Al-Aqsa: Palestinians 'illegally' forced to leave ID with Israel police to access mosque
Israeli police forced Palestinians to leave behind their identity cards in order to access Al-Aqsa Mosque in occupied East Jerusalem last Thursday, according to reports.
Police made young Palestinian men, among them East Jerusalem residents and Palestinian citizens of Israel, queue up to submit their IDs in order to enter the mosque for worship, Israeli newspaper Haaretz reported on Tuesday.
The move, which has been slammed by rights groups followed an Israeli raid on the holy site that day. It followed similar raids over a period of about a week that has seen worshippers teargassed, shot at, and beaten with batons.
"They want people not to come," Palestinian East Jerusalemite Ahmed Maarouf said, adding that the measure is enforced when there is tension at Al-Aqsa or elsewhere in Jerusalem.
"It makes it hard for you as a worshipper, and it doesn’t feel comfortable that you, an innocent person, leave your ID card with police. Why?"
Muslims aged between 17 and 45 years old were forced to hand over their IDs on Thursday, while those with disabilities or who were above 45 did not face this restriction.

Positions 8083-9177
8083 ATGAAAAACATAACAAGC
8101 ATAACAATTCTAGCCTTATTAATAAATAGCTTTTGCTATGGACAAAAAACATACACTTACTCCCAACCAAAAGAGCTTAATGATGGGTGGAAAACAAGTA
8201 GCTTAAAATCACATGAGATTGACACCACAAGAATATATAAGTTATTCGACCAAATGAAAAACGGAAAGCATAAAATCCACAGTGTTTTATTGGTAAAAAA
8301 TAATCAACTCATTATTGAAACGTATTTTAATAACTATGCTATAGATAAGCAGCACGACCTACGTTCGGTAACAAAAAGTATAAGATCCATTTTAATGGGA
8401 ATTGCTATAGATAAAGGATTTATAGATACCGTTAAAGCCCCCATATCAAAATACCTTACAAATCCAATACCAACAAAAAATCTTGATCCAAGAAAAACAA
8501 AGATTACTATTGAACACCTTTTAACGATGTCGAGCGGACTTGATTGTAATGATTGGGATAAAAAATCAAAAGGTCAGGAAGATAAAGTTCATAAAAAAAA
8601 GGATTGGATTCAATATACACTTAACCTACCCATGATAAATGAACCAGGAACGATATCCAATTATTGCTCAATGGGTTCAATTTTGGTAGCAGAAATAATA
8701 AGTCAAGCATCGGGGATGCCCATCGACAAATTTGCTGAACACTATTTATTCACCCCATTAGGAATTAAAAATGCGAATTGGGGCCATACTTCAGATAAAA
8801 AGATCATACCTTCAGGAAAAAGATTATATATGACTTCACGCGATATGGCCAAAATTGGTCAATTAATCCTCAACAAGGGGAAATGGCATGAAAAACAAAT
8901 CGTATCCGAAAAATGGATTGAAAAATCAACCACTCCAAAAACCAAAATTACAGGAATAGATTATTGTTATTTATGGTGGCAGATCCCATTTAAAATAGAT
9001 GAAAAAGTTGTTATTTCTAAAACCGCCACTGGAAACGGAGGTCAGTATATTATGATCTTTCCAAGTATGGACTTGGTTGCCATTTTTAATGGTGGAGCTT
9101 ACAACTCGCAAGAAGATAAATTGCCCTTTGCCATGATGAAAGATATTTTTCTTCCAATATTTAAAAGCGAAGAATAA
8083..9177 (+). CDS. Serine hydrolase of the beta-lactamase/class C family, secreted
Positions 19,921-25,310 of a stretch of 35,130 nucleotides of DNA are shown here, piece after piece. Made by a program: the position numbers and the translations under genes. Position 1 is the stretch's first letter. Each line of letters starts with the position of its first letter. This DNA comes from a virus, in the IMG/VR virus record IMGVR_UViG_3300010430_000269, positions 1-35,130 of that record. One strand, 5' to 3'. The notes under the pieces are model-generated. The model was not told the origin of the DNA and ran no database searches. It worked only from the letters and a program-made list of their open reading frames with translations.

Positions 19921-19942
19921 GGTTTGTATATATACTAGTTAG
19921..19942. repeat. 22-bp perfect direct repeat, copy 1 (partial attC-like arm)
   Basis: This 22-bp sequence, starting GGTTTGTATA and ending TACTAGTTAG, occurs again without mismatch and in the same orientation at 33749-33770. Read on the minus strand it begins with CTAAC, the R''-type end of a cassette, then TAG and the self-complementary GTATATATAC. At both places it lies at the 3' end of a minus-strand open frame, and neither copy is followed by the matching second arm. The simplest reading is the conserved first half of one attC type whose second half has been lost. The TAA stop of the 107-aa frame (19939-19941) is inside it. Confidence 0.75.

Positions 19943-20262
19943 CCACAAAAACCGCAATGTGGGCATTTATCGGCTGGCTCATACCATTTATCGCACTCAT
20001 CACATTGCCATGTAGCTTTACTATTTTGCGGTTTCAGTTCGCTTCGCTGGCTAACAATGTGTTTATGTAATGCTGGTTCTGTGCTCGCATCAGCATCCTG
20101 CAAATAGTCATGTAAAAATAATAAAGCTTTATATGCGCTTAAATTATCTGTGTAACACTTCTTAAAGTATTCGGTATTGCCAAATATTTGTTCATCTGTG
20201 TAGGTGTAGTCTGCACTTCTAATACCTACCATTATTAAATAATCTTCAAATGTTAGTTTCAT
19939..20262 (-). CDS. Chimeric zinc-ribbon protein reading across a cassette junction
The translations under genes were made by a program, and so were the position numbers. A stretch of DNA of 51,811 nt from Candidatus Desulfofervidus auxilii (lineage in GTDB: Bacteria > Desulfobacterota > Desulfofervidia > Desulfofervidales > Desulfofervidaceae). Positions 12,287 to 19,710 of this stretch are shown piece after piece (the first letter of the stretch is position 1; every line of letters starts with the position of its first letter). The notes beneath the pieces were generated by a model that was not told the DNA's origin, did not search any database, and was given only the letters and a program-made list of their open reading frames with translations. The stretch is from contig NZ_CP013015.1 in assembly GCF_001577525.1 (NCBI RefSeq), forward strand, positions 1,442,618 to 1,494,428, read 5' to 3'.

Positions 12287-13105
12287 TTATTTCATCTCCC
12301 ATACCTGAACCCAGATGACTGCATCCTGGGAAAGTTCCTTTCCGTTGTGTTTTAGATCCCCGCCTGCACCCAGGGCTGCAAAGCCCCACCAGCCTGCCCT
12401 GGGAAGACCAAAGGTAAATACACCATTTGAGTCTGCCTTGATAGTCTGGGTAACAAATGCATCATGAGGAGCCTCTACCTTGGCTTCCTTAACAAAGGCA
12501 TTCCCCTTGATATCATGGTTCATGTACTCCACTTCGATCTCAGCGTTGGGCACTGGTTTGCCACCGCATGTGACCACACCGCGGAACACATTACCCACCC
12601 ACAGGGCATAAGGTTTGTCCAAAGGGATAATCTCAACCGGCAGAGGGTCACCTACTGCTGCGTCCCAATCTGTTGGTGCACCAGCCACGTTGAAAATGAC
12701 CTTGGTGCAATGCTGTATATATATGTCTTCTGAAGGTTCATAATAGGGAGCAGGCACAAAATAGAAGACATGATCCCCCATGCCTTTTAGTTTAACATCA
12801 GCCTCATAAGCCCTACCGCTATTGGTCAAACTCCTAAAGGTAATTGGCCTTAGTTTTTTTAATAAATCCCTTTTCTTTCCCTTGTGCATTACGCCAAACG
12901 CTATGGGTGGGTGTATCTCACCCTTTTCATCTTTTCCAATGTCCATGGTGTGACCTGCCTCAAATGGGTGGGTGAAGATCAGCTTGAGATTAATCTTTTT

Palestinians who refused were forbidden from praying at the mosque, while those who complied were given a ticket to retrieve their IDs. Some Palestinians said police interrogated them before handing their cards back.
Legal NGO Adalah, which works to support Israel's Palestinian minority, sent Israeli authorities a letter alleging some people had been told to attend a police station to get their ID back.
Adalah called the Israeli police's conduct illegal, adding that it "limited the freedom of the worshippers and violated their rights to freedom of worship, movement and dignity".
Hassan Jabareen, a lawyer and the group's founder, said that the police are allowed, "at most, to instruct residents to present their ID card only".
Haaretz was told Israeli police began applying this rule, which the Association for Civil Rights in Israel similarly said threatens religious rights, in 2015 at the latest.
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Israeli police have enforced the practice for nearly all of the Jewish Passover festival, which ran from 15 April to last Saturday, one Jerusalem Old City local told the paper.
Israeli forces often attack Al-Aqsa during the Islamic holy month of Ramadan, which this year overlapped with Passover and saw Jewish settlers raid the mosque and attempting to perform rituals there.
Palestinians view these attacks as a provocation and an effort to transform the compound in part or fully into a Jewish place of worship.
According to Haaretz, the police did not reply.